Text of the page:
Like the ‘real thing’, this Squier Jazzmaster shares certain features with its close cousin. The body shape is very similar, but basswood replaces alder and any joins are hidden by a butterscotch blonde finish that reveals only a glimpse of the grain.
It’s finished in high-gloss, as is the neck, which is just as playable as the Jaguar’s, though it’s all-maple and comes with 21 frets and Fender’s standard 648mm/25.5" scale. The headstock, tuners and single string-guide are the same, but the position dots are much easier to see.
While pickups represent a major mod for the Jaguar, the Jazzmaster retains its typical twin, large-sized single-coils… both Duncan Designed JM-101s, but one is reverse wound/reverse polarity to provide hum-cancelling operation with both selected.
As usual, they sit within the scratchplate and the latter’s outline differs to that on the Jaguar via a blunter upper horn.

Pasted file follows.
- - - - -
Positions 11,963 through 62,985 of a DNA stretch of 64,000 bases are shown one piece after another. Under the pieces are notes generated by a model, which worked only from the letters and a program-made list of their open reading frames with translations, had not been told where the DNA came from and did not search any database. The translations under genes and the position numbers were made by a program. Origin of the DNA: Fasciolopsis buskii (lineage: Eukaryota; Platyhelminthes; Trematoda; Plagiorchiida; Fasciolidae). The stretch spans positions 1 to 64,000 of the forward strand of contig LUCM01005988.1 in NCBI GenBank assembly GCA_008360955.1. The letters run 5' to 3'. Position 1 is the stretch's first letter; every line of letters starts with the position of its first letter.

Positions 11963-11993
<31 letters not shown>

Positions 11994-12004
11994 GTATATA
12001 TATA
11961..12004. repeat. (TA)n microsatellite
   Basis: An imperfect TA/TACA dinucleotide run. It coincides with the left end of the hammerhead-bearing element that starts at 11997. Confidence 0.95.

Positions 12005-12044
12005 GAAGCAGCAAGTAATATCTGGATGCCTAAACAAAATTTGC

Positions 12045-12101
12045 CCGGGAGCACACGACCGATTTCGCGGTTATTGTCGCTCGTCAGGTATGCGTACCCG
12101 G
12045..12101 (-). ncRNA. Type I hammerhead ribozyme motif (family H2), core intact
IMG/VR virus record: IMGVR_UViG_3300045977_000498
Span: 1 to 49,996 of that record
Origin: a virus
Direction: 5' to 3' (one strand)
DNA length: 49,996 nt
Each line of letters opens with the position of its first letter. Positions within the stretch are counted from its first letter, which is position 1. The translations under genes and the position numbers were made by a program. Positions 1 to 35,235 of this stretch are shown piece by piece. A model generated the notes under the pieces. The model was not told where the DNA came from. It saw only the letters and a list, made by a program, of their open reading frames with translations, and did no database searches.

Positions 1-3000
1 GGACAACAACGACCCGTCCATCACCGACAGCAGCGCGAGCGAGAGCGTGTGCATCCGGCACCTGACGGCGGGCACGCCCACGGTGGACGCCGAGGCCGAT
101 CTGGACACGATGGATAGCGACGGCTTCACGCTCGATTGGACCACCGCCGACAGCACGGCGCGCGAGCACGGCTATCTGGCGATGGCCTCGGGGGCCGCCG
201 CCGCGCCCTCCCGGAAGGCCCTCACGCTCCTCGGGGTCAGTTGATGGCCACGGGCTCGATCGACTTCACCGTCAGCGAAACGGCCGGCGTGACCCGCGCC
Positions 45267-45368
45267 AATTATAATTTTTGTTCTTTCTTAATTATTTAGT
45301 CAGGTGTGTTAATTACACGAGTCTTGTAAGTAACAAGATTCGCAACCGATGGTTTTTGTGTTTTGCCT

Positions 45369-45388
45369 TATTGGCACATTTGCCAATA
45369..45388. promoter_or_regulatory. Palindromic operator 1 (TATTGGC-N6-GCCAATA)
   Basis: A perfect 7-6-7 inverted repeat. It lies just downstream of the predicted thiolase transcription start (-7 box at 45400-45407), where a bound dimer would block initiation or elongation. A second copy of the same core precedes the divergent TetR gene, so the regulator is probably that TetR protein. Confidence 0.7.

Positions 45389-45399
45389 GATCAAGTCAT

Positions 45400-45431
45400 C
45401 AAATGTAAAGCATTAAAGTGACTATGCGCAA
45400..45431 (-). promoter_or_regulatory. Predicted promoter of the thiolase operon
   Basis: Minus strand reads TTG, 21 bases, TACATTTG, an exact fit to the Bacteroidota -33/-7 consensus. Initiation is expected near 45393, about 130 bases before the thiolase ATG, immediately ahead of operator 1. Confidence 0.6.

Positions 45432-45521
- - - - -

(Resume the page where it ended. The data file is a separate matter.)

The control configuration is the same, and the stacked knobs again need some attention to stop them turning in tandem. The Danelectro-derived bridge is another component common to both Vintage Modified models, as is the front-mounted Strat-style jackplate.
The all-maple neck contributes to a brighter and thinner acoustic character, but the plugged-in performance warms things up. Played clean, this Jazzmaster still supplies those classic deep and twangy surf tones, courtesy of the neck pickup or with both combined.
Used in isolation, the bridge single-coil has a brasher snarl that works well with varying degrees of distortion to deliver anything from pop-friendly grit to punk-flavoured upfront attack.
The Jazzmaster's VM status is mainly about improving physical performance via simplified circuitry and less quirky components.
It's versatile six-strings that punch well above their price weight; build, finish quality and playability are all very impressive, while criticisms are comparatively minor.
It's an attractive and very affordable proposition to any player who fancies an offset-waisted Fender.